The ESV is an “essentially literal translation,” and it 100% is NOT based on the NIV. The NIV uses an entirely different translation approach- dynamic equivalence. The NIV is a paraphrase. To confuse or in your case, assert that the ESV is based on the NIV makes me wonder how much you actual understand what you are typing.

    And thanks for that article, though I think I’ll side with the people Ben Witherington cites. He’s extremely liberal, having grown up and served inside the world of academia.

  • elephantix

    Like… anything? Would you consider any of the content, any of the topics of the Bible (ie Jesus) to deal with the realm of the supernatural? Or is it just a good moral book?

  • elephantix

    Jeff, sorry I missed this, but you replied to yourself on this one. Either way, you don’t have to reply to my response. Knowing that you have read it is enough for me- that those thoughts are now in your head has made this all worthwhile. Go look into Bible translations, how they work, and how they arrive at the positions they do and it will help you resolve a lot of the issues you are currently blaming on the text or citing as reasons that the Bible is NOT infallible. I hope you find your way back from your current understanding, not so that I am right, but because there’s so much value in understanding the worth of the Bible! Truly it sounds to me that you are hung up on discrepancies between translations, and not the Bible itself.

  • Bones

    The Bible is not A book. It is a collection of writings. The authors of say Revelation and John had no idea their work was going to be included into a collection and counted as divine utterances for thousands of years.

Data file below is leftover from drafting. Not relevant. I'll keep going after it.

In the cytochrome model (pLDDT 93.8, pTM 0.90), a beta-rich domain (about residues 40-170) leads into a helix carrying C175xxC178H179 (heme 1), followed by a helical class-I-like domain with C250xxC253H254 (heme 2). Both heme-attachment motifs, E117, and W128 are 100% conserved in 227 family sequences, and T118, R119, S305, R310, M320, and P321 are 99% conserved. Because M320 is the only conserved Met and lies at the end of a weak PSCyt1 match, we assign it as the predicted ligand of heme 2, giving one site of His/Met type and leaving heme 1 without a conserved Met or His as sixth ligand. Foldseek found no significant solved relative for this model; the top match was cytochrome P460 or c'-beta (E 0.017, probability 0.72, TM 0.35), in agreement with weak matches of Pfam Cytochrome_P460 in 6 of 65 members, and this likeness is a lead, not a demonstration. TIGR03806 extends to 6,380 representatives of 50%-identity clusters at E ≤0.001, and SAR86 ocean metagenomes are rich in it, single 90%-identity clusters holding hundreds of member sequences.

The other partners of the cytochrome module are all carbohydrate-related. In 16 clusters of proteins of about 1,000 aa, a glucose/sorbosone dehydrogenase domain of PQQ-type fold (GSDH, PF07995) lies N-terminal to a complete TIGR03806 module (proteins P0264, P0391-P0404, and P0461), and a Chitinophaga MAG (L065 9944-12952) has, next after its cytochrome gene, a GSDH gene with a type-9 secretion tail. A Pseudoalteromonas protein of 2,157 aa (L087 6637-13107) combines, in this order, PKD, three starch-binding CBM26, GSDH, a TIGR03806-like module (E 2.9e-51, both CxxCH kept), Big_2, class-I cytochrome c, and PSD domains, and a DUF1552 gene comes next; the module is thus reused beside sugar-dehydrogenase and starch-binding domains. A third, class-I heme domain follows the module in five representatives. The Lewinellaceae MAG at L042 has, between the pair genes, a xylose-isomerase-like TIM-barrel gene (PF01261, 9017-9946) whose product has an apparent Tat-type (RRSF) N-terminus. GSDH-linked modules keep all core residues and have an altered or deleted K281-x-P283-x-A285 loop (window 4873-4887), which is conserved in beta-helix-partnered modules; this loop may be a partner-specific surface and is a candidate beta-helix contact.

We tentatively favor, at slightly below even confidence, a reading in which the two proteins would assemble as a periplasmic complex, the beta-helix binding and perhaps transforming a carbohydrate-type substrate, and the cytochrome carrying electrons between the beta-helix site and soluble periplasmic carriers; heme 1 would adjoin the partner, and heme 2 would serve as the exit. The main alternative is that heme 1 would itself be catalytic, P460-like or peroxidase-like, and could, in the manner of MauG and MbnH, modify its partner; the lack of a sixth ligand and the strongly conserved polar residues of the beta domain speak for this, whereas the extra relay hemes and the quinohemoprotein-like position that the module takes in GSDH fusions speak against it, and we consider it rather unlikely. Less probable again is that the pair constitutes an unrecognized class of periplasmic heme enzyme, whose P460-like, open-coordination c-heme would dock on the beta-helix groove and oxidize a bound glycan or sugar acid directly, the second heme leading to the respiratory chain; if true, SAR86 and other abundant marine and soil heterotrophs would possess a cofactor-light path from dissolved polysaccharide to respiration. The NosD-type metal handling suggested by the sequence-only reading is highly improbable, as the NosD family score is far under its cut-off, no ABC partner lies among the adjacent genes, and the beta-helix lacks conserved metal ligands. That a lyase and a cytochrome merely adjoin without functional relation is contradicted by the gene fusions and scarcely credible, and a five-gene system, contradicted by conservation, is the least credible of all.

The supernatural doesn’t interest me. I’ve never encountered an angel, spent 3 days in a fish, seen the oceans part or been deceived by talking snakes. And Jesus the revolutionary prophet is far more interesting than Jesus the magician.
    I’m more interested in this world and reality. But that’s because I deal with real people every day.
    Btw I went to a Pentecostal church for years. The only healings that God seemed interested in were headaches and bad backs. The poor bugger in the wheel chair is still going around claiming God’ll heal him.

  • Bones

    “I think it supports my position that “of note to the apostles” means “known by,” not “an apostle herself.”” Now you’re being dishonest.

    Piper and Grudem General editor of the ESV have no exegetical evidence for interpreting the Greek as they do. In fact all Grudem claims is “we cannot be certain.” So I’ll interpret it my way. But it does fit their ideology.

    So what does exegetical scholarship say